You have probably seen it in movies: When the moon is full, a man turns into a hairy, frightening creature and runs around the city, tearing people to pieces. You may laugh at stories of wolf men, but have you ever wondered where the association of a full moon with crazy goings-on came from?
Such notions have been around a lot longer than scary movies. The word lunacy, meaning "madness," is derived from Luna, the Latin name for the Roman goddess of the moon. And, a hundred years ago in some European hospitals, fear of violence during full moons led doctors to chain up patients thought to be lunatics.
It is surprising how many people still believe that the moon can affect human behavior in unusual ways. For example, many medical workers are convinced that the number of emergency cases increases during a full moon. Considerable research has been conducted to establish a link between the cycle of the moon and the biological clocks of humans and other animals, with varying results.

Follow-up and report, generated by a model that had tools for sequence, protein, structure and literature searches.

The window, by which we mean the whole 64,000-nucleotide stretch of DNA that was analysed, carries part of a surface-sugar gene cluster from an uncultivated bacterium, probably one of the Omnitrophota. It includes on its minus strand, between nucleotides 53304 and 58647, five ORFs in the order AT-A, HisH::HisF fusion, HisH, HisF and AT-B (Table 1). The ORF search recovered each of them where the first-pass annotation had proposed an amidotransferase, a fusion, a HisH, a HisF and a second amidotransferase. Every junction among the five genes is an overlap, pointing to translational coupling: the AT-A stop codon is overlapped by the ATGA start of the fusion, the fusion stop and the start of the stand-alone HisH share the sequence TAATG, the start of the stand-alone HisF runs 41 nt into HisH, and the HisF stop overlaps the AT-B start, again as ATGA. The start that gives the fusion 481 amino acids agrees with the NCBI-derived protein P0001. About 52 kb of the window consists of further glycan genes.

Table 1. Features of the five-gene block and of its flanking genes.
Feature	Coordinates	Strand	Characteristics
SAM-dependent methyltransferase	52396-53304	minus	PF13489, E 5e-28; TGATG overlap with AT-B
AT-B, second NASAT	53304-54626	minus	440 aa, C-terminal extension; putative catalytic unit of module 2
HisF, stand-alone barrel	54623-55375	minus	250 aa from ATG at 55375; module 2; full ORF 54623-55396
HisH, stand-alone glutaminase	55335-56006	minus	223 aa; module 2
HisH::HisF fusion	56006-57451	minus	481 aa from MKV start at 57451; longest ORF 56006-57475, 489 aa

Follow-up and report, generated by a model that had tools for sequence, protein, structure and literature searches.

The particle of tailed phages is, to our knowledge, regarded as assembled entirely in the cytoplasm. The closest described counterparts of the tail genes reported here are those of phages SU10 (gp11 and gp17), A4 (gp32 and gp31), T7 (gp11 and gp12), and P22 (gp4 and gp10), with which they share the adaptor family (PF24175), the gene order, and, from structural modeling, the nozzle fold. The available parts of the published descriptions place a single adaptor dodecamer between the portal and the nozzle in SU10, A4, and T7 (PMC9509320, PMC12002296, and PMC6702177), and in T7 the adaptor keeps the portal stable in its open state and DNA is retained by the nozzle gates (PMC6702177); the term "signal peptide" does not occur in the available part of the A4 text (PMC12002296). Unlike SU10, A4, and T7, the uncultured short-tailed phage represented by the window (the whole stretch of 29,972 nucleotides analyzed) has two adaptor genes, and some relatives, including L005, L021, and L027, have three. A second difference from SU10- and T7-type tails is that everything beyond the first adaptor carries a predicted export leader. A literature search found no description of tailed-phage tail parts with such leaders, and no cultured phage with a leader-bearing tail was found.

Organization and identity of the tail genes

One study in the United States found that people drink less alcohol and eat more during a full moon. Italian researchers found that more babies seem to be born in the one or two days following a full moon. And Britain’s largest telecommunications company claims that Internet use increases during the seven days before a full moon.
Other researchers, however, have found serious methodological flaws in some of the studies that claim to demonstrate a relationship between a full moon and human behavior. Also, no research has yet found a direct link between the phases of the moon and attacks of depression or mania.
With only weak scientific evidence relating madness to the moon, perhaps the best way to explain the existence of this myth is to call it a relic of the past: Long before electricity, bright moonlight was an invitation for extra nighttime activity. And for some people, even just one night without sleep is enough to induce mania in them—whether or not they have hair on their hands.
2011-12-07 17:00 编辑：wjy2005tom